Everyone these days seems to be obsessed with saving energy. The word “sustainability” and “go green” seem to be all that were hearing these days. Some people hear these ideas of being energy efficient and it goes straight in one ear and out the other. Some countries however, truly want to create a sustainable, energy efficient environment, and currently Japan sets the highest standard as the most energy efficient country (Figure 1).
Japan has always prided itself off being 30 years ahead of other global super powers in terms creating an energy efficiency initiative. After the 1970 increase in oil price (figure 2) it was evident that “if something wasn’t done, life wouldn’t be sustainable” . Japan and several other countries suffered economically and Japan’s economy in particular “was on the brink of collapsing. This prompted the Japanese government to take initiative and increase energy efficiency across their country.
The Japanese government has had a great influence over the Japanese people and their energy efficiency. In doing so, the government established several movements and laws in hopes of creating a sustainable country. Several conservation laws were passed forcing factories to replace old inefficient boilers and assembly-line machinery with new energy efficient equipment. There is also a law put into place which requires each factory to hire an individual who is in charge of overseeing factory energy efficiency. This is a very demanding job as by law, Japanese factories are required to become more energy efficient by one percent every year. Japanese individuals have also started movements such “Setsudan” which emerged to “encourage people and companies to conserve energy and prevent rolling power cuts”. Japanese individuals will increase temperatures in homes and offices, thin lighting by removing some of the bulbs, and stop using big screen and exterior lighting in hopes of cutting back on energy. These cut backs in energy use are obviously working as”Japan’s industrial sector uses the same amount of energy as 40 years ago, despite the dramatic economic growth since then”. These laws and movements have now become a Japanese way of life as most families live and operate in energy efficient manners.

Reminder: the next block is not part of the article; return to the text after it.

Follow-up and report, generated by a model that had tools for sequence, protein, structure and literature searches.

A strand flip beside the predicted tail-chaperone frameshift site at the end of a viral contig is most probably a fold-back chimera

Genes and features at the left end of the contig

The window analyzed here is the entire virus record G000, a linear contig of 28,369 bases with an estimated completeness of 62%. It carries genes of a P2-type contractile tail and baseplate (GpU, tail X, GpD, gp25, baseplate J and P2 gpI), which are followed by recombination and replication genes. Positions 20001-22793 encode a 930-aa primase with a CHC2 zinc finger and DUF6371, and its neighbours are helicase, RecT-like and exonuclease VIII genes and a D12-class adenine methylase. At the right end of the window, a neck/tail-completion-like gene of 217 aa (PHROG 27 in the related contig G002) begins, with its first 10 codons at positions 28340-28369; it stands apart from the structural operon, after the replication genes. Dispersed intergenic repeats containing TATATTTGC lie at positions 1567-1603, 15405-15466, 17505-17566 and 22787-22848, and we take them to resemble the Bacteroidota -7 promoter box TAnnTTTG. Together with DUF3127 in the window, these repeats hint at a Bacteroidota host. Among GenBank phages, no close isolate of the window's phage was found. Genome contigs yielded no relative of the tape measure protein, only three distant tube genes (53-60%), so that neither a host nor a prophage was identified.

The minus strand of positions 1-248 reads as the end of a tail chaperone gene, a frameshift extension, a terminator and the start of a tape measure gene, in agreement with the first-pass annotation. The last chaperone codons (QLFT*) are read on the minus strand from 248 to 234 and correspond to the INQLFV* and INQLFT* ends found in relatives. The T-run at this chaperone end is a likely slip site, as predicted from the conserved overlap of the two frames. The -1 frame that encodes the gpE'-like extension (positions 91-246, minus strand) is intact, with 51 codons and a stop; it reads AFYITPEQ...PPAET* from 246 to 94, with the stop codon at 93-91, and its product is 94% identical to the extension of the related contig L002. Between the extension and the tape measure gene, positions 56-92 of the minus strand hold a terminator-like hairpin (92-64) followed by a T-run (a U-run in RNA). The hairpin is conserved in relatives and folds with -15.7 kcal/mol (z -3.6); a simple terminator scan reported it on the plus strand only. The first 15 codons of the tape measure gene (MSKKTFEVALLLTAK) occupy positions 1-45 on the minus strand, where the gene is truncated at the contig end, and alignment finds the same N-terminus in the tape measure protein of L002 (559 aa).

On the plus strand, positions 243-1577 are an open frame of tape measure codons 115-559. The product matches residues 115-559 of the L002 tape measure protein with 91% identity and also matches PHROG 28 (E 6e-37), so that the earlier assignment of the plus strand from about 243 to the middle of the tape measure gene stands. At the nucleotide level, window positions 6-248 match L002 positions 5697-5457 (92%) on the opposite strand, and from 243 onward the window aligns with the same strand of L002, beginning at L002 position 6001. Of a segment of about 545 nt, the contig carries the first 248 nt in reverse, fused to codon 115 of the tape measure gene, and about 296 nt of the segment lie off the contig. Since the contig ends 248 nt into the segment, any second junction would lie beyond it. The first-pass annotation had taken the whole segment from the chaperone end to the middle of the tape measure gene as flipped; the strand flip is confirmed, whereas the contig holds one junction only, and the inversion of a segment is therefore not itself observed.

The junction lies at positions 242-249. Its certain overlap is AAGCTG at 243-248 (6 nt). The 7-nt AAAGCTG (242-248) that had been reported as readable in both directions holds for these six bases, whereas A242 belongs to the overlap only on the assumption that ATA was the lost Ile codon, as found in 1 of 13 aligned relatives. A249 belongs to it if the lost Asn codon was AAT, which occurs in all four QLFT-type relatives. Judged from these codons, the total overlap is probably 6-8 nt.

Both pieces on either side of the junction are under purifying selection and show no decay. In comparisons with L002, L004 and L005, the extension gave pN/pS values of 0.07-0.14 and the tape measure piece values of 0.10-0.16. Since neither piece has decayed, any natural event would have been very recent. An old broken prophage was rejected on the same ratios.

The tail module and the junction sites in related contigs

Japan faces extreme temperatures in the Summer however typical Japanese families rarely uses their Air Conditioners. Most Japanese have AC units in every room of their homes. In doing so this enables them to save energy in the long run. AC units are only turned on in rooms which are occupied this saves more energy compared to having constant central air. Not only this, but the Japanese also have power strips with individual on/off switches so that their appliances won’t waste energy. Most families also purchase LED lights as well to conserve light energy. Families even save water by sharing bathwater; some individuals even have bathtubs that talk to them and warn them when they are wasting energy (figure 3) . Families are also prompted to conserve energy because of the high energy bills which costs twice as much in Japan as in the US, because Japan imports nearly all of it’s fossil fuels.
No matter what the motivation is for the Japanese, whether it is fear of high energy bills, or the fear of living in an unsustainable environment, Japan is setting a great example for the rest of the world in terms of energy efficiency. In fact, recently Obama mentioned Japan as a country we should strive to be like in terms of our own energy consumption in the US. Although it could take sometime, I am very hopeful that with some new laws and green initiatives, the US can soon become a green, sustainable country which excels in energy efficiency as well.